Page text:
Raku is a ceramic technique whereby clay pieces that have been fired once, are coated with unfired glazes. They are put in a raku kiln, heated, pulled out of the hot kiln with long tongs, and thrown in a pit or a can filled with organic matter --creating stunning glaze effects. Commercially manufactured raku kilns are expensive. A simple "top hat" gas-fired raku kiln can be constructed for far less money.
Take the lid off the trash can and lay the can on its side. Measure 2 inches below the top rim of the trash can and make a mark.
Measure the diameter of the end of the Venturi burner--a burner designed to burn gas inside a kiln. On a piece of paper draw a perfect circle 2 inches in diameter larger than the diameter of the burner. Cut out the circle.
Set the outside edge of the paper circle on the mark. Trace around the circle with a marker. Drill a hole in the center of the circle with an electric drill.
Put on gloves and safety glasses and use a tin snip to cut along the drawn line of the paper template.
Place the trash can lip on the floor. Draw a 4-inch hole in the center of the bottom of the can. Drill and cut out.
Drill and bolt on two, heavy-duty galvanized handles to the bottom outside edge of the trash can. Position them directly across from one another. These will be used to set the kiln over the pots to be fired and to retrieve the red-hot pottery during the firing.
Put on a filter mask and unroll some of the ceramic fiber blanket. Set the trash can lid lip down on the blanket and cut around it. This circle will insulate the bottom of the trash can where the 4-inch hole is cut. Place the cut-out circle of ceramic fiber blanket in the bottom of the trash can. Drill holes through trash can and secure CFB with ceramic buttons and nichrome wire--high fire wire.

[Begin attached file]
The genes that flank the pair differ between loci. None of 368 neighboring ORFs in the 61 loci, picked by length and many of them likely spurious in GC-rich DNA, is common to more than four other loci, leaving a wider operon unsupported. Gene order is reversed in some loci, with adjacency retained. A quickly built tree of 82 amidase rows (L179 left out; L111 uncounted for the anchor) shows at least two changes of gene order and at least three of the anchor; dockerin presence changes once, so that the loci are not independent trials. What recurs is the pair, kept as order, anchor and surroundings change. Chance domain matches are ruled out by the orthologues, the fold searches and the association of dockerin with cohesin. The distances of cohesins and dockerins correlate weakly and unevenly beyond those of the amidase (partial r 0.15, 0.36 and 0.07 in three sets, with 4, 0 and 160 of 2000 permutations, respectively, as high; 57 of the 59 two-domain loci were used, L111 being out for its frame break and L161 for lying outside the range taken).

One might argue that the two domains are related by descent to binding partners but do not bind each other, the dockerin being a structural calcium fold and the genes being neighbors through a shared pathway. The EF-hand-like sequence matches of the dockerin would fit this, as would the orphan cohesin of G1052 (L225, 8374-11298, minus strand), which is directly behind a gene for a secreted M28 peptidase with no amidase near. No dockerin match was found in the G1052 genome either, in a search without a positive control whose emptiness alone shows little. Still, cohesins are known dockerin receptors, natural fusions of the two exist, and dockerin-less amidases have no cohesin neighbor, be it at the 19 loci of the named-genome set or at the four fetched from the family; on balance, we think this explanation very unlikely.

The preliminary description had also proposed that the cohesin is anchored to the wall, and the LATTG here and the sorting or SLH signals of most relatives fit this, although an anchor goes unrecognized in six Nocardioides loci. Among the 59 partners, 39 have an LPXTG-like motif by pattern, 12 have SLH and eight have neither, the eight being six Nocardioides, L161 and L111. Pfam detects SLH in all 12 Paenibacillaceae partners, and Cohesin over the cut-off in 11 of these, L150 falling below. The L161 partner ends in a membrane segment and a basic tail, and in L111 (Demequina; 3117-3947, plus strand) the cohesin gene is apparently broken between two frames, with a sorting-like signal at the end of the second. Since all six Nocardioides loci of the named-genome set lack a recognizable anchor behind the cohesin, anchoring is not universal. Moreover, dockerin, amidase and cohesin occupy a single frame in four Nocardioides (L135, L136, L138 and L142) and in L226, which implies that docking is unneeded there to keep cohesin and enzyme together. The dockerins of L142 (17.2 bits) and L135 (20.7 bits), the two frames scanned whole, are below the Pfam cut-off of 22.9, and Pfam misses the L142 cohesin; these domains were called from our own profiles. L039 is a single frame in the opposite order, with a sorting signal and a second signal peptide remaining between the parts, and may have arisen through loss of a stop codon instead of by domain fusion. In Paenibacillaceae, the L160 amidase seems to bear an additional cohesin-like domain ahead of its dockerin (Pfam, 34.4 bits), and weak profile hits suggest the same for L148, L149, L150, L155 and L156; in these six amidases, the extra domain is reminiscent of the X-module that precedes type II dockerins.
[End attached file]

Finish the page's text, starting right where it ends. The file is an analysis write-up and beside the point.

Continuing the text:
Cut one strip of ceramic fiber blanket so when put inside the trash can on its edge, it covers every inch of the trash can wall. No metal should be showing except for a little at the inside top of the rim. Use ceramic buttons to secure the blanket to the walls of the trash can.
Cut out the ceramic fiber blanket where it's covering the holes that were cut from the trash can.
Set out eight double cement blocks on their sides, solid side up, where the kiln is to be fired. The ground surface must be level. Set two blocks end to end. Butt the next set of cement blocks up to the sides of the first two. Repeat for the remaining blocks.
Lay down a section of CFB on the cement block. Cut it 2 inches in diameter larger than the trash can lid.
Set a round kiln shelf on top of the CFB on the cement blocks. This is the inside base of the raku kiln. The kiln shelf should be smaller in diameter by 2 inches than the inside diameter of the lined trash can.
Set three to four kiln stilts on top of the shelf. Kiln stilts are ceramic spacers made from the same material as the kiln shelves. Place another kiln shelf on top of the spacers and set the raku-glazed pots on the shelf.
Turn the trash can rim down. Pick it up with another person by the two galvanized handles. Carefully lower it over the kiln shelves and the glazed pots.
Prop the Venturi burner up on a firebrick and center the tip in the middle of the round hole at the bottom of the trash can.
Connect the end of the hose leading from the burner to the high-pressure regulator on the propane gas tank.